Luke Freeman, Director at Whitecap Consulting, shares five observations drawn from Whitecap's increasing work supporting investment transactions.

Over the past couple of years, the Whitecap team has found itself increasingly being asked to support investment transactions, usually by Private Equity houses, through performing Commercial Due Diligence reviews.

Most of the businesses we have looked at as part of our CDD work have been fast growth tech businesses looking for their first or second round of external funding. Sometimes they’ve been in the business of actually selling technology (ie Software as a Service – SaaS businesses) sometimes they’re providing a service which has their proprietary software at the heart of their proposition and sometimes their future commercial success will be primarily dependent on their Direct to Consumer (D2C) digital marketing execution.

So what have we learned through spending time with these management teams, with the PE Houses and with providers of other elements of the DD (Financial, Digital, Management, Technical)? We’ve made five key observations:

  1. No two businesses are the same 

There’s huge diversity in every part of the private equity universe. Most management teams approach these transactions with a very clear view of their own business proposition but there’s a broad spectrum in their preparedness. Some are incredibly well prepared, well advised and very clear both on their objectives, options and preferences for their financing and on the external market context for their business proposition.

Others are less prepared, and in these instances, our structured questioning of the management team will typically lead to them needing to conduct further work and analysis in order to articulate their plans in a format that meets the requirements of the potential investors.

  1. No two investment directors are the same

Some PE houses’ investment directors are primarily focused on maintaining the momentum of their deal flow and have a tried and tested cadence to follow for each transaction, others are more interested in specific pieces of insight as they emerge from the process.

  1. Commercial Due Diligence can add incremental value

There’s scope to add a lot more value through the DD process. I would say this wouldn’t I, but I think we’re pretty good at what we do and feedback and referrals we get would seem to endorse that view. However, most of what we do in this space is a standalone piece of CDD, conducted at the point in time where any recommendations we provide will likely only be enacted post-investment.

We believe there is scope to make the DD process less burdensome for management, and more useful to the PE House by offering a much more joined-up approach between CDD and the other DD disciplines. In addition, we think that the DD approach could be used by businesses much more in advance of any transaction to really help them get investment-ready. We are working with a network of other DD experts to bring both of these propositions (joined-up DD; Investment readiness) to life.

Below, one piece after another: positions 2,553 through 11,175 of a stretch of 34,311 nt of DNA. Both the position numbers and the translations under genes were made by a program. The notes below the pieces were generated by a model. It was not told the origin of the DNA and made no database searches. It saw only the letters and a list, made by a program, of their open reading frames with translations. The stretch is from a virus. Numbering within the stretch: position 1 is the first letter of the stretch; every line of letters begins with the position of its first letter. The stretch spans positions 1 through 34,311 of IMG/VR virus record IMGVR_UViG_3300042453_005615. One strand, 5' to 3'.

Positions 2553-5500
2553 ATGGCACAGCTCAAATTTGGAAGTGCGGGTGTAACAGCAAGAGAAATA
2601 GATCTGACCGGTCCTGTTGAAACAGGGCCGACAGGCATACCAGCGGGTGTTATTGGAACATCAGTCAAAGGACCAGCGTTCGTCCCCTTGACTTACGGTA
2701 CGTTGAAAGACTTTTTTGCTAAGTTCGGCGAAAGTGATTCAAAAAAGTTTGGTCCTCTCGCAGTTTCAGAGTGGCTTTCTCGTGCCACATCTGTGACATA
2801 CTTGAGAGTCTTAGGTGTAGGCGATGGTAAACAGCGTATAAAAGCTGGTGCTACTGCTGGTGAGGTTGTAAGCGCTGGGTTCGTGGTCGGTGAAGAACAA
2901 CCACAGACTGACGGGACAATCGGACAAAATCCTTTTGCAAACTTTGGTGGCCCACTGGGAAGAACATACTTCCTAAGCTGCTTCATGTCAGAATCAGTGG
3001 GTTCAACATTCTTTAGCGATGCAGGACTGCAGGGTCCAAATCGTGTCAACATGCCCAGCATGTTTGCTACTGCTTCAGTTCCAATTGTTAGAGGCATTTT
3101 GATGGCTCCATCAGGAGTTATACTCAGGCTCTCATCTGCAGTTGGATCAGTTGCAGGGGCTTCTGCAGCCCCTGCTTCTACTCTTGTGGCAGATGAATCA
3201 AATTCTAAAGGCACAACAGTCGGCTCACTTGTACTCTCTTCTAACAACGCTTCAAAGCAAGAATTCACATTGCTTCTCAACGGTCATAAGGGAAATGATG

1. Raising funding is not easy

All SMEs find the process of getting funding very hard work, albeit to varying degrees depending on the individuals involved. This isn’t a suggestion that investors and lenders should be more cavalier with their money but an observation that for many SMEs even understanding what their options are and how to navigate them can be bewildering. Obviously, corporate finance providers can help here but a surprising number of entrepreneurs aren’t really even aware of the role CF support can play. There’s a role for the whole advisory community to play in helping to join the dots.

  1. There’s a lot to be hopeful about!

Maybe it’s because I’m getting old, but it’s very easy to feel depressed by the state of UK and global politics and the uncertainty surrounding our economy. The reality we see is that there are a lot of very talented, commercially astute, extraordinarily hardworking entrepreneurs in our midst who are building brilliant tech-enabled business offering innovative solutions in growing markets. Phew.

What is involved in Commercial Due Diligence?

The output of a Commercial Due Diligence exercise is a written report, but the way this end product is arrived at can vary. The scope of the work involved in our Commercial Due Diligence projects typically depends on the nature of the business seeking investment, the proposed amount of funding they are looking for, and the existing knowledge of the business or its markets within the PE House.

In the more straight-forward projects we tend to focus on the revenue forecasts provided by the business’ management team, spending time with management to fully understand the assumptions made by them and performing a risk assessment of those assumptions based on our own desktop research, customer (and other market expert) interviews and a comparison of the business’ actual marketing & sales funnel performance against its forecasts.

In more complex cases we’ll perform a more thorough ‘ground-up’ assessment of the markets in which the business needs to succeed to deliver its growth ambitions, looking at the kind of stuff you would expect (size, growth rates, geographic spread etc) but also understanding important trends in buyer behaviour, and key directions of travel on where value lies and where competitive advantage will be sought. This is particularly important in markets subject to disruption by technology which, let’s face it, is pretty much every market!

We are actively seeking to develop our network of contacts in this field – if you are interested in discussing our Due Diligence work please get in contact.